In a groundbreaking finding that successfully ends an 80-year quest, Stanford, and University of California researchers have discovered evidence of particles that act as their own antiparticles. The so-called ‘Majorana fermions’ could help one day build powerful quantum computers.
80 years after the so called Angell Particle” was proposed by physicists, experts have finally found it proving the existence of a particle which is matter and anti matter at the same time.
It was in 1928 when physicist Paul Dirac made an extraordinary prediction: each and every one of the fundamental particles of the Universe has an “antiparticle,” a twin identical to them but with an opposite electric charge. So that, when a particle meets its antiparticle, both annihilate, producing a brief flash of energy. Just a few years later, the first anti-matter, the positron (opposed to the electron), was found by scientists, and antimatter quickly became part of popular culture.
Nearly a decade later, in 1937, Italian physicist Ettore Majorana, offered a new twist to the situation by predicting that in the class of particles known as fermions—which includes the proton, neutron, electron, neutrino, and quark—there should be particles that act as their own antiparticles.
Now 90 years later, scientists have come across the first evidence of the elusive particle in what is being hailed by scientists as a landmark moment in quantum physics. Physicists managed to detect the first evidence that the “fermions of Majorana” actually exist.
The groundbreaking discovery came after a series of experiments were performed with exotic materials in laboratories at the University of California, and in collaboration with scientists at Stanford University.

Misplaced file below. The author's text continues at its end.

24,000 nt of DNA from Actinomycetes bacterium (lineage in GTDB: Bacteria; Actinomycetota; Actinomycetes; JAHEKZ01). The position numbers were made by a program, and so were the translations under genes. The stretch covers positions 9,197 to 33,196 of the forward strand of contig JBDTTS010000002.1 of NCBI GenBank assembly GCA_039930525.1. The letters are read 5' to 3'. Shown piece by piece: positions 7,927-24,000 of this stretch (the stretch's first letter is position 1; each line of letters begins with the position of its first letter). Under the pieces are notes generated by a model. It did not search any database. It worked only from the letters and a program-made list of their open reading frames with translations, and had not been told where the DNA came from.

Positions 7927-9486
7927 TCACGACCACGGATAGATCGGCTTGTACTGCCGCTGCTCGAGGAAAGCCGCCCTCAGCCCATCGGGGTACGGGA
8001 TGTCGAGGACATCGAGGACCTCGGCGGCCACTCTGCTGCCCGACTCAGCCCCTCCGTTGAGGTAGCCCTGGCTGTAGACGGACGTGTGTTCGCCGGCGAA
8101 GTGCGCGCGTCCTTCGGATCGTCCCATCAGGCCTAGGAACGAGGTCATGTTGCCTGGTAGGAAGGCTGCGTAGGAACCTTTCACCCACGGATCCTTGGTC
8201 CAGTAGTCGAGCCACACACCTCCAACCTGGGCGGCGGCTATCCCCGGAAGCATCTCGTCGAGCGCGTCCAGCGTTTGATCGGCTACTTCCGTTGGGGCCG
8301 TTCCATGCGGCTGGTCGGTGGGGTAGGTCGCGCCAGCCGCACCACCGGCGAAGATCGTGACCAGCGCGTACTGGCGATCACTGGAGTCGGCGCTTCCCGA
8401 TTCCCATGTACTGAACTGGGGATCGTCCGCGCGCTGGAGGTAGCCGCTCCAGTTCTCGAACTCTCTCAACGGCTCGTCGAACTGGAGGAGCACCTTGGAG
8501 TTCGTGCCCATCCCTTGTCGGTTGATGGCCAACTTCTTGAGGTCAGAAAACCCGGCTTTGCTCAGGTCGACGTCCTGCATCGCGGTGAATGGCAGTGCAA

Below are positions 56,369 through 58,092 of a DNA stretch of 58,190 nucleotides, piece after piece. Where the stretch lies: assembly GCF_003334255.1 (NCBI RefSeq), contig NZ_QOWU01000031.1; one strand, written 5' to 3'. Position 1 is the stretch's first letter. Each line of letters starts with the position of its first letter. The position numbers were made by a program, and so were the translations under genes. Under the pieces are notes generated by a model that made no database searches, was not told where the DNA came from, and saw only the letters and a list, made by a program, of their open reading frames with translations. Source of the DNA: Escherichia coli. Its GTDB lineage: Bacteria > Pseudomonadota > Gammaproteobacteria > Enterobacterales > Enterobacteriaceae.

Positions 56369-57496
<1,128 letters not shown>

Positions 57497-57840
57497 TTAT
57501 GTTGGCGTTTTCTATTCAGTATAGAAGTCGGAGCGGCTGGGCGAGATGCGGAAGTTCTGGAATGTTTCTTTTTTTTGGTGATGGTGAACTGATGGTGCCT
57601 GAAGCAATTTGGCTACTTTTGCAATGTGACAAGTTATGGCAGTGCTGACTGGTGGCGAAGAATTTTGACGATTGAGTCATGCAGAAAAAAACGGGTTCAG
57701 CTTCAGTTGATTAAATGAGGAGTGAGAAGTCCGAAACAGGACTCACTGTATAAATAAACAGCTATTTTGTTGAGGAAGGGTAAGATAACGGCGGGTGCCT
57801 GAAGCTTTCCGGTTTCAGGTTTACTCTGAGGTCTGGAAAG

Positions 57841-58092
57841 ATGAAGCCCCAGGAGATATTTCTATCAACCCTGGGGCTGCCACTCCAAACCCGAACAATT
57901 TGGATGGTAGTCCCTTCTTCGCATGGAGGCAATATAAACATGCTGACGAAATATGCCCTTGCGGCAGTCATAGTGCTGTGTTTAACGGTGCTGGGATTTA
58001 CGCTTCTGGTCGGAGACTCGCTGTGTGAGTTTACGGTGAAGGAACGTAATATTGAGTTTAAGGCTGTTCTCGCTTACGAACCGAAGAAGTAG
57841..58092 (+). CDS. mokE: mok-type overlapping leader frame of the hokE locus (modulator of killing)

The results of the experiments, led by professors Jing Xia and Kang Wang, followed a step by step plan elaborated by Shoucheng Zhang of Stanford and was just published in Science.
Speaking about the history changing discovery, Professor Shoucheng Zhang from Standford said:
“Our team predicted exactly where to find the Majorana fermion and what to look for as it’s ‘smoking gun’ experimental signature,” said Zhang, a theoretical physicist and one of the senior authors of the research paper.
“This discovery concludes one of the most intensive searches in fundamental physics, which spanned exactly 80 years.”
So… what does all of this mean for the real world? Well, while the search for the “Fermion” was of a more intellectual than practical nature, Professor Zhang said that the finding could have real-life implications for creating robust quantum computers in the future.
But in order to find the ultimate evidence that Fermions do exist, experts needed to find ‘quasi-particles’—which are particle-like excitations that result from the behavior of superconducting materials.
Quasiparticles are not like ordinary particles found in nature, but they do however meet the necessary mathematical requirements to be considered as real Majorana fermions.
Learn more about the discovery of the Angle Particle here.